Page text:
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The Backyard Ramble - Growler Vs. Growler Edition

April 2, 2014

Growler: the word sounds like a dare. What is a Growler? Why have Growlers become popular in recent years? How long can beer stay fresh in a Growler? What does it all mean? To find the answers to these questions and more, stick with me, and all will be explained; to discontinue your search for knowledge, stop reading immediately, forget this ever happened, and enjoy your blissful ignorance...the rest of us are taking the red pill.


What is a Growler? According to Wikipedia, the most reliable source in the history of mankind, a Growler is "a glass or ceramic jug used to transport draft beer." Growlers can range in size from 32 oz to 2 Liters, but 64 oz seems to be the most popular size. Their name is derived from the sound its 19th century ancestor, a galvanized pail, made when CO2 escaped from its lid, which is kind of awesome. (Hint: It sounded like a Growl) Growlers can come with either a screw-on cap or a porcelain gasket cap, and everyone can agree that they will keep beer fresh for at least a day or two. Surprisingly, that is where the general agreement on Growlers ends.


As some craft beer afficianados may be aware, there is a great deal of controversy surrounding Growlers and their use in the modern beer community. Some brewers, like Garrett Oliver, the brewmaster of Brooklyn Brewery, are adamantly against the use of Growlers, and with good reason: according to Mr. Oliver, "Growlers are basically beer destroyers. They’re often unsanitary, and the refilling process mixes in a lot of oxygen–the tiniest amount of oxygen kills beer so quickly. Then, if you walk across the street with say, an IPA, in full sunlight, with a clear growler, the beer will skunk before you get to your car." He then added, "For the brewer, this is like if you went to a nice restaurant, ordered something great, and then took the beautifully presented plate of food, scraped it into a bag, put that bag in the fridge for 3 days, microwaved it, and then based your opinion of that restaurant on your bag of old food." Sounds pretty terrible, right? Why, then, are they so popular, and why is there any amount of controversy surrounding what appears to be a terrible practice?


The popularity stems from the drinking public's newfound interest in beer; sometimes, beers are available on tap that are not available in a 12 ounce bottle, and Growlers provide a much needed method of transport from the pub to a patron's 'fridge. Also, Growler beer is generally cheaper than bottled beer as it is purchased in bulk and the savings are passed on to the consumer. Combine the consumer's demand for quality beer at bulk pricing with the brewer's desire to see his product tasted at its best, and you end up with the Growler Controversy. While I understand the awesomeness inherent in a giant bottle of beer, I also understand that, without proper sanitation and pressurization, the beer will not taste as fresh as the brewer intended. What, then, is a beer lover to do when he or she desires nothing less than 64 oz of beer-y goodness? He or she can seek out an establishment that carries a high-tech pressurizer such as the Pegas Craftap Growler Filler, a technological marvel which creates a pressurized seal that purges the Growler of any oxygen before filling it with one of four rotating drafts.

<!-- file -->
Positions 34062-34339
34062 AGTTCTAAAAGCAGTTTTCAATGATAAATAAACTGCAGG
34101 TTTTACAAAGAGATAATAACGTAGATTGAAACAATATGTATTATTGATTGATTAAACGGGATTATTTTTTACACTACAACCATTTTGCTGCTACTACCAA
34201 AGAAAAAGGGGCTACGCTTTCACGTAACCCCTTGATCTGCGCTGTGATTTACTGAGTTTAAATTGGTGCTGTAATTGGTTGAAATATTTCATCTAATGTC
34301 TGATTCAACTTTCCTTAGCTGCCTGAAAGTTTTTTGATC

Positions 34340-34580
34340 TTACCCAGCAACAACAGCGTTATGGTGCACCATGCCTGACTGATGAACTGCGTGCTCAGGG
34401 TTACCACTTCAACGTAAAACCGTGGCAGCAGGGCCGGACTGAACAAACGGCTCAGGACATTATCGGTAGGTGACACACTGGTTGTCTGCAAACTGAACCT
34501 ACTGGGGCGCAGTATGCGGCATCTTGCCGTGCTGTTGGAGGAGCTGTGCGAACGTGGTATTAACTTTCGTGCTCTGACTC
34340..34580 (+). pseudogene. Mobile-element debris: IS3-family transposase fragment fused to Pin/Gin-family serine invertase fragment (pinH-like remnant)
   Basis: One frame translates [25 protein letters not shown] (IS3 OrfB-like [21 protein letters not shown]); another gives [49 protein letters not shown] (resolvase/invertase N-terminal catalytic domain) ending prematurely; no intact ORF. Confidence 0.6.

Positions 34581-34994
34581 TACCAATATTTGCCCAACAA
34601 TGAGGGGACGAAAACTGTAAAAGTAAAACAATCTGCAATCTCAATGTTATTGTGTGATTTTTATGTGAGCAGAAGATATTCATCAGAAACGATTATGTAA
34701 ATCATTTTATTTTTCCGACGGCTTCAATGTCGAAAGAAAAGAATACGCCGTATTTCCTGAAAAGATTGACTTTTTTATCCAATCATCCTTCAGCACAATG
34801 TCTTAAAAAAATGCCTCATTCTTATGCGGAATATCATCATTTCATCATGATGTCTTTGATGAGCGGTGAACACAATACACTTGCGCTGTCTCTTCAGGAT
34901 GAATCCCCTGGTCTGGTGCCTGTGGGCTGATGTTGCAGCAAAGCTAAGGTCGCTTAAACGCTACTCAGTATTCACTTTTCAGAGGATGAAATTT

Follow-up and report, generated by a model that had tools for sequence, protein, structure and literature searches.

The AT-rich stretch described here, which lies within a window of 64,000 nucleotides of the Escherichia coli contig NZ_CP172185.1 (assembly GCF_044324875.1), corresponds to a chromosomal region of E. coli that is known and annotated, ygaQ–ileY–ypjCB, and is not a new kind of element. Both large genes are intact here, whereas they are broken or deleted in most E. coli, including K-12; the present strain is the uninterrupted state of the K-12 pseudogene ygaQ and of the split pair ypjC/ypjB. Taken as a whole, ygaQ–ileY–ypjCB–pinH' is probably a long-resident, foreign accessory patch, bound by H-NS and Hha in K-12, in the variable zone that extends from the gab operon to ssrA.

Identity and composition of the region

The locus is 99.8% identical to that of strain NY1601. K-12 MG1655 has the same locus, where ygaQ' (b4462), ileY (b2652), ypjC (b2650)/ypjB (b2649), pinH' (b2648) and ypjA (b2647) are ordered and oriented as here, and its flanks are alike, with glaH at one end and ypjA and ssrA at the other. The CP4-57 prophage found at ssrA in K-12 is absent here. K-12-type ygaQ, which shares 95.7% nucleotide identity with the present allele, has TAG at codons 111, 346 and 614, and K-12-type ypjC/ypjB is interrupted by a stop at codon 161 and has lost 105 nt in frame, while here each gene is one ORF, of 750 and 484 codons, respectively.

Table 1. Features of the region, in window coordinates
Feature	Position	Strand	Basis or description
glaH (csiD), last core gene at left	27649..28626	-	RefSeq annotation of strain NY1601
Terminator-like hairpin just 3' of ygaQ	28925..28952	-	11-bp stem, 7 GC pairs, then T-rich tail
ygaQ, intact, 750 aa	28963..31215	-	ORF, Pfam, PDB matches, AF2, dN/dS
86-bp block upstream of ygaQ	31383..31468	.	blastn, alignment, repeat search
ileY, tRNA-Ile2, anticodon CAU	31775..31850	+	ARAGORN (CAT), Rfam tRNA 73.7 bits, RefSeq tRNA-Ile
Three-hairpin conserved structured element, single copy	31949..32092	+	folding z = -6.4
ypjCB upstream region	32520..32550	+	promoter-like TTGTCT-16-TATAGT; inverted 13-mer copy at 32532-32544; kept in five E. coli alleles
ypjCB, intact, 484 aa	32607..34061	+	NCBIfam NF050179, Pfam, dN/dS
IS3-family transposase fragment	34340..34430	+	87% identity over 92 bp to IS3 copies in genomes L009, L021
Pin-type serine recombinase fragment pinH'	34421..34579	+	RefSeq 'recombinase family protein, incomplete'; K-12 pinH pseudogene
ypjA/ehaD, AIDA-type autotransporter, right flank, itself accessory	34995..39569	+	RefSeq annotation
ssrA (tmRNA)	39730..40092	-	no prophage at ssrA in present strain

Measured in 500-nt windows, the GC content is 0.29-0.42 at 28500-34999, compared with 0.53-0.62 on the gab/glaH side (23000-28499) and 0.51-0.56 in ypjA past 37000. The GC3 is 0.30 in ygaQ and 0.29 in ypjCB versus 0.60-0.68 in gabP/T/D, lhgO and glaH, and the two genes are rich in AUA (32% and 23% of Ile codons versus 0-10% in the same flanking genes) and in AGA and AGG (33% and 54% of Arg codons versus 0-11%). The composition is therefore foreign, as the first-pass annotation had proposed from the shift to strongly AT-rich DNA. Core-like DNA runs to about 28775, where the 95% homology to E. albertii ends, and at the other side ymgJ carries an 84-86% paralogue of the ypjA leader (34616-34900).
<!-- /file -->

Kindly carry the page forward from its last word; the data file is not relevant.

While oxygen is the primary enemy of beer, improper sanitation techniques can be equally harmful. Soap, for instance, should never touch a growler, as it can leave behind a greasy residue that can spoil the freshness of the beer. Growlers should be sanitized with sterilization tablets and then air-dried to ensure that no impurities have clung to the inside of the glass. Also, in order to protect the beer from Ultra-Violet radiation, Growlers should be brown and not clear, as the brown glass helps to filter out harmful UV rays.


Where, then, in our fair city is a serious beer drinker supposed to go to fill a proper Growler? Luckily, The Backyard Ale House provides all the positives of Growler drinking while filtering out all the negatives. Our Pegas Craftap system purges our brown, 64 oz Backyard bottles of oxygen, giving you a beer that stays fresh for up to three weeks at a time. (While we will fill a growler off of our bar taps, we do not reccommend keeping them over two days time, as the oxygen will undoubtedly spoil the beer inside) Most of our Growlers are priced at $15 American dollars a fill, a true bargain in these trying economic times. Lastly, our Growler exchange program ensures that each Growler is clean and sanitary when you enjoy it; after paying an $8 deposit for your first Growler, simply return it when you want another fill, and we will replace it with a clean bottle that has been sterilized and air dried. As the only bar in Scranton to feature a Pegas Craftap system, we gaurantee that our Growlers provide the freshest beer in town, which is one of about 10,000 reasons you should visit our Bottle Shop today.


That being said, what does it all mean? It means that the people have spoken, uttering a GROWL so loud that their demand for quality beer can no longer be ignored. And we, as always, are doing our best to give the people what they want, which is 64 ounces of clean, fresh beer.

Join me next week, as I shamelessly plug another reason why you should visit The Backyard Ale House...you won't regret it, I swear.


See you on the flip side.






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